Italian employment law has always been employee-friendly, reflecting the principles of the Italian constitution. However, the global economic downturn has forced Italian legislation to enhance flexibility in the job market and attract foreign investment. From 2015, new hirings have "gradual" protection directly linked to length of service. The remedy of reinstatement has practically disappeared except for some very specific cases. Italy is currently experiencing important political, social and legal changes, and employment lawyers are witnessing first-hand how this impacts on businesses and their employees. Italian employment law was overhauled by the "Jobs Act" which made important changes to the entire system of employment contracts.
Issues arising on hiring individuals
Italy does not have specific immigration rules regarding the hiring of European Union (EU) citizens as they can move and work in every EU country without limitation.
In contrast, non-EU citizens are subject to immigration control. Visas and different work permits are necessary in the following situations:
- Hiring non-EU citizens: non-EU citizens cannot work in Italy without a work permit. The Italian Government sets an annual limit (quota) on the number of permits issued. Those wishing to work in Italy must follow a specific immigration procedure, which includes compliance with the limitation of the annual quotas. Provided the annual quotas have not been exceeded, a non-EU citizen must request a work visa, provided they already have an offer to work in Italy
- Secondments of non-EU citizens: working in Italy under a secondment arrangement is not subject to annual quota limitations and authorisation can be obtained by following a simplified procedure
- Under Legislative Decree no. 136/2016, the Italian legislator has regulated international secondments in Italy in line with the new European Directive. The aim of this Decree is to identify bogus international secondments by improving cooperation and information at international level and by imposing a duty of transparency and communication on companies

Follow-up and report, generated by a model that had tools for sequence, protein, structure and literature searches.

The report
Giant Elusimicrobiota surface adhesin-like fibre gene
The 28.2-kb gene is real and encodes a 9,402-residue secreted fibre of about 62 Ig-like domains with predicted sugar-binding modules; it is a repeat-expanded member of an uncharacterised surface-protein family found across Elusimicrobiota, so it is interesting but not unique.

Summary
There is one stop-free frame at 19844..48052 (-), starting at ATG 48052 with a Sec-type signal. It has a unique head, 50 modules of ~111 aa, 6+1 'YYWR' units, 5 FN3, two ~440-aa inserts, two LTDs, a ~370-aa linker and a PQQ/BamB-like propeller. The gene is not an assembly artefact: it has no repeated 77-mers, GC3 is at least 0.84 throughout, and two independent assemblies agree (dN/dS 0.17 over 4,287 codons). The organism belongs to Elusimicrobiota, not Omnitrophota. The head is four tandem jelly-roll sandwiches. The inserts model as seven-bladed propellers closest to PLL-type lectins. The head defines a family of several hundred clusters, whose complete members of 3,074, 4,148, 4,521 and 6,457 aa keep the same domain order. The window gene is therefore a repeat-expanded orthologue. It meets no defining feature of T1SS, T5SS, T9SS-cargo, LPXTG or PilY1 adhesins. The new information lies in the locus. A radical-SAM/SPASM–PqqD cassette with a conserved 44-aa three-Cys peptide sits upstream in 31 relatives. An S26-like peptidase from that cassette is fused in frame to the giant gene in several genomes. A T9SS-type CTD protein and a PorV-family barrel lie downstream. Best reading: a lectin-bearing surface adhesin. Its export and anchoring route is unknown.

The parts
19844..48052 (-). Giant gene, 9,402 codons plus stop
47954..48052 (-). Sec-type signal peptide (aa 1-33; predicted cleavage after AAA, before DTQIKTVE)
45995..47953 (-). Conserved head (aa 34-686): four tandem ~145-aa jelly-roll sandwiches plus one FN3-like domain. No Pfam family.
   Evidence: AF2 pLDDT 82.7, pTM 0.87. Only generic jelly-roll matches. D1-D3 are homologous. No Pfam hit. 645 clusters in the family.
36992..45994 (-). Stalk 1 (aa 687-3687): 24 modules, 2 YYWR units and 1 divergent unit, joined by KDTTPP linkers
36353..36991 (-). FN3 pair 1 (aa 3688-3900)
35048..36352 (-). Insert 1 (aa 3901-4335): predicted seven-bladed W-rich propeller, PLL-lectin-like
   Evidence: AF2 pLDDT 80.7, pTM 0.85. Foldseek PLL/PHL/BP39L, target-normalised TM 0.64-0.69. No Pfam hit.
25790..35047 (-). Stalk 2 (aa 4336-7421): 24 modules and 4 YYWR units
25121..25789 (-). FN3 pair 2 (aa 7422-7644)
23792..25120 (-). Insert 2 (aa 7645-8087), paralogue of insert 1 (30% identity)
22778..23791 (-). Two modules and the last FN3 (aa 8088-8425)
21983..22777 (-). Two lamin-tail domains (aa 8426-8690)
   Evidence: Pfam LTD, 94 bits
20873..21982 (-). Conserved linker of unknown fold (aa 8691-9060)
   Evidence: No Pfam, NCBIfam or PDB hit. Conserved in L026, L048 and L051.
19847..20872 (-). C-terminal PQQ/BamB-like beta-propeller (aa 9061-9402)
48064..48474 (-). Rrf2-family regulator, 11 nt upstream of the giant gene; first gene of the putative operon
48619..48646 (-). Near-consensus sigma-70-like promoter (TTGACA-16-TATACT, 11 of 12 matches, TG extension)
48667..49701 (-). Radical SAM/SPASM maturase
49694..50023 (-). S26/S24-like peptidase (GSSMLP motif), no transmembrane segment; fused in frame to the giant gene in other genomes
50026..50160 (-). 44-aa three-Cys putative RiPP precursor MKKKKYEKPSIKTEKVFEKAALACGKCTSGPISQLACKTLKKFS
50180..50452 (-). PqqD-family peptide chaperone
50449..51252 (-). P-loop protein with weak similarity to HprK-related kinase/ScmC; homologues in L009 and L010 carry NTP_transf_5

Employment structuring and documentation
In line with a European Directive, the following information concerning the main terms and conditions of employment must be set out in writing in the employment contract, and provided to the employee within 30 days of the commencement of their employment: (1) the parties; (2) the start date and the duration of any trial period; (3) the date of expiry, if the employment is for a fixed term (where these contracts are permitted by law); (4) the salary, method for calculation, frequency of payment, and any particular term or condition relating to the salary and fringe benefits; (5) working hours; (6) annual entitlement to paid holiday; and (7) the employee's duties and the applicable work "category" as set out in the Civil Code.
Generally employment contracts are entered into for an unlimited period. A fixed-term contract is possible for a maximum period of three years and ends automatically without written notice at the end of its term.
Under Legislative Decree no. 81/2015, it is no longer possible to sign new project based contracts. All collaborative relationships characterised by continuous performance of the job by the worker and by the employer organising and coordinating the work, must be considered as subordinate employment relationships.
Employment contracts can provide for a trial (probationary) period. During this period, each party is free to terminate the contract without notice and without payment in lieu of notice. Usually the specific duration of the trial period is set by the applicable collective bargaining agreements.
Issues arising during the employment relationship